Look around a little, Al had said, and I decided that was what I’d do. I figured if I hadn’t lost my mind already, I was probably going to be okay for awhile longer. Unless I saw a parade of pink elephants or a UFO hovering over John Crafts Auto, that was. I tried to tell myself this wasn’t happening, couldn’t be happening, but it wouldn’t wash. Philosophers and psychologists may argue over what’s real and what isn’t, but most of us living ordinary lives know and accept the texture of the world around us. This was happening. All else aside, it was too goddam stinky to be a hallucination.

I walked to the chain, which hung at thigh level, and ducked beneath it. Stenciled in black paint on the other side was NO ADMITTANCE BEYOND THIS POINT UNTIL SEWER PIPE IS REPAIRED . I looked back again, saw no indication that repairs were in the immediate offing, walked around the corner of the drying shed, and almost stumbled over the man sunning himself there. Not that he could expect to get much of a tan. He was wearing an old black overcoat that puddled around him like an amorphous shadow. There were dried crackles of snot on both sleeves. The body inside the coat was scrawny to the point of emaciation. His iron-gray hair hung in snaggles around his beard-scruffy cheeks. He was a wino if ever a wino there was.

Cocked back on his head was a filthy fedora that looked straight out of a 1950s film noir, the kind where all the women have big bazonkas and all the men talk fast around the cigarettes stuck in the corners of their mouths. And yep, poking up from the fedora’s hatband, like an old-fashioned reporter’s press pass, was a yellow card. Once it had probably been a bright yellow, but much handling by grimy fingers had turned it bleary.

When my shadow fell across his lap, the Yellow Card Man turned and surveyed me with bleary eyes.

“Who the fuck’re you?” he asked, only it came out Hoo-a fuck-a you?

Al hadn’t given me detailed instructions on how to answer questions, so I said what seemed safest. “None of your fucking business.”

“Well fuck you, too.”

“Fine,” I said. “We are in accord.”

“Huh?”

“Have a nice day.” I started toward the gate, which stood open on a steel track. Beyond it, to the left, was a parking lot that had never been there before. It was full of cars, most of them battered and all of them old enough to belong in a car museum. There were Buicks with portholes and Fords with torpedo noses. Those belong to actual millworkers, I thought. Actual millworkers who are inside now, working for hourly wages.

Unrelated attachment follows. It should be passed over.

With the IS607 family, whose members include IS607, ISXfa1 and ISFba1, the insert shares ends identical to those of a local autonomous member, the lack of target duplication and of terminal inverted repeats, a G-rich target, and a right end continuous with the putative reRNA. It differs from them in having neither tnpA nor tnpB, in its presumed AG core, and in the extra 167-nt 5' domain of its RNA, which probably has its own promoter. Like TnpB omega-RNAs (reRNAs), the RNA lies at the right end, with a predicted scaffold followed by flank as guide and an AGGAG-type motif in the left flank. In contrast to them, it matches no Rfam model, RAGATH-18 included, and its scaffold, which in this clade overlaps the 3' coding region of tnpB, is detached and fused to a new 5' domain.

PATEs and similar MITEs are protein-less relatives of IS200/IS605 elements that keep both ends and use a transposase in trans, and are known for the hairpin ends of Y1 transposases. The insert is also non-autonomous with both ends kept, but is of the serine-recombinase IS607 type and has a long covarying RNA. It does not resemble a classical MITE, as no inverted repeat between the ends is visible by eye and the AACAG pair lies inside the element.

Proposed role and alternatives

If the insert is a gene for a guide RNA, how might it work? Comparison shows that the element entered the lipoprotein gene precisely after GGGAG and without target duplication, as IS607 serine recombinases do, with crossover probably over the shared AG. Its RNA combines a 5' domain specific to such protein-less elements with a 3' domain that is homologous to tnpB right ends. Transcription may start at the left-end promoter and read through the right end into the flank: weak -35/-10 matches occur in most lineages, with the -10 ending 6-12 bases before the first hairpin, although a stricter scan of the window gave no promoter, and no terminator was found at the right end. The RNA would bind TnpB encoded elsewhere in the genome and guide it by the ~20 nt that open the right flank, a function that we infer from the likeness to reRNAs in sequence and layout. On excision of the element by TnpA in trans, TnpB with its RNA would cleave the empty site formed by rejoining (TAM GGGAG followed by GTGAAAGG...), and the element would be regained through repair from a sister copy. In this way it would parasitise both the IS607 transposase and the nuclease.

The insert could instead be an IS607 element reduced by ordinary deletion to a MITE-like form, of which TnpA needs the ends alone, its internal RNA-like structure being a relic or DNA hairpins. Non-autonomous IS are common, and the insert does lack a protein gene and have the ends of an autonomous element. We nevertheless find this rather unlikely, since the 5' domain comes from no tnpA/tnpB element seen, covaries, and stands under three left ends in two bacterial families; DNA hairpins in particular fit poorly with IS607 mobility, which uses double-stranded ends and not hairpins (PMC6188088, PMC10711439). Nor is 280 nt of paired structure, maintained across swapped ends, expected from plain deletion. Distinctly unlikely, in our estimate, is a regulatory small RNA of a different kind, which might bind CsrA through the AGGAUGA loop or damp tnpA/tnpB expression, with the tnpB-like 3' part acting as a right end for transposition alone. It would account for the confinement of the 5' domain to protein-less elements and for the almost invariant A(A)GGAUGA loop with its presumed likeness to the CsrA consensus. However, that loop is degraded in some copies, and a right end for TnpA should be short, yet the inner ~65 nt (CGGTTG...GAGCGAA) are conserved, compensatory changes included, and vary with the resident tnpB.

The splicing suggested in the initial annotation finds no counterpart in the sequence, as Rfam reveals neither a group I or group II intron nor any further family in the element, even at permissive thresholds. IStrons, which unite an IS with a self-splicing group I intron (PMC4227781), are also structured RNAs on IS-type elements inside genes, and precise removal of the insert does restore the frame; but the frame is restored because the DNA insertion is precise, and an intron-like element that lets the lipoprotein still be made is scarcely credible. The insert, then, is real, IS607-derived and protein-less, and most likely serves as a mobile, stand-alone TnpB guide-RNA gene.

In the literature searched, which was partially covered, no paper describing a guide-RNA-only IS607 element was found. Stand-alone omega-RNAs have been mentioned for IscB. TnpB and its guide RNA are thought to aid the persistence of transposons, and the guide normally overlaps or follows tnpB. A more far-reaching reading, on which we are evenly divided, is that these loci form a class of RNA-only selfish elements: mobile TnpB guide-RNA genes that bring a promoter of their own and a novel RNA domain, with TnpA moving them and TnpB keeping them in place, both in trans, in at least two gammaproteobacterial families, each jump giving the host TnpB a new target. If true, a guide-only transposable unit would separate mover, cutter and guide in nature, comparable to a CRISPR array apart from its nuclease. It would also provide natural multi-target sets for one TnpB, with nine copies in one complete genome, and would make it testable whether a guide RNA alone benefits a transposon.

“I got a yellow card from the greenfront,” the wino said. He sounded both truculent and troubled. “So gimme a buck because today’s double-money day.”

I held the fifty-cent piece out to him. Feeling like an actor who only has one line in the play, I said: “I can’t spare a buck, but here’s half a rock.”

Then you give it to him, Al had said, but I didn’t need to. The Yellow Card Man snatched it from me and held it close to his face. For a moment I thought he was actually going to bite into it, but he just closed his long-fingered hand around it in a fist, making it disappear. He peered at me again, his face almost comic with distrust.

“Who are you? What are you doing here?”

“I’ll be damned if I know,” I said, and turned back to the gate. I expected him to hurl more questions after me, but there was only silence. I went out through the gate.

4

The newest car in the lot was a Plymouth Fury from — I think — the mid-or late fifties. The plate on it looked like an impossibly antique version of the one on the back of my Subaru; that plate came, at my ex-wife’s request, with a pink breast cancer ribbon. The one I was looking at now did say VACATIONLAND, but it was orange instead of white. As in most states, Maine plates now come with letters — the one on my Subaru is 23383 IY — but the one on the back of the almost-new white-over-red Fury was 90-811. No letters.

I touched the trunk. It was hard and warm from the sun. It was real.

Cross the tracks and you’ll be at the intersection of Main and Lisbon. After that, buddy, the world is yours.

There were no railroad tracks passing in front of the old mill — not in my time, there weren’t — but they were here, all right. Not just leftover artifacts, either. They were polished, gleaming. And somewhere in the distance I could hear the wuff-chuff of an actual train. When was the last time trains had passed through Lisbon Falls? Probably not since the mill closed and U.S. Gypsum (known to the locals as U.S. Gyp ’Em) was running round the clock.

Except it is running round the clock, I thought. I’d bet money on it. And so is the mill. Because this is no longer the second decade of the twenty-first century.

I had started walking again without even realizing it — walking like a man in a dream. Now I stood on the corner of Main Street and Route 196, also known as the Old Lewiston Road. Only now there was nothing old about it. And diagonally across the intersection, on the opposite corner—

It was the Kennebec Fruit Company, which was certainly a grandiose name for a store that had been tottering on the edge of oblivion — or so it seemed to me — for the ten years I’d been teaching at LHS. Its unlikely raison d’être and only means of survival was Moxie, that weirdest of soft drinks. The proprietor of the Fruit Company, an elderly sweet-natured man named Frank Anicetti, had once told me the world’s population divided naturally (and probably by genetic inheritance) into two groups: the tiny but blessed elect who prized Moxie above all other potables. . and everybody else. Frank called everybody else “the unfortunately handicapped majority.”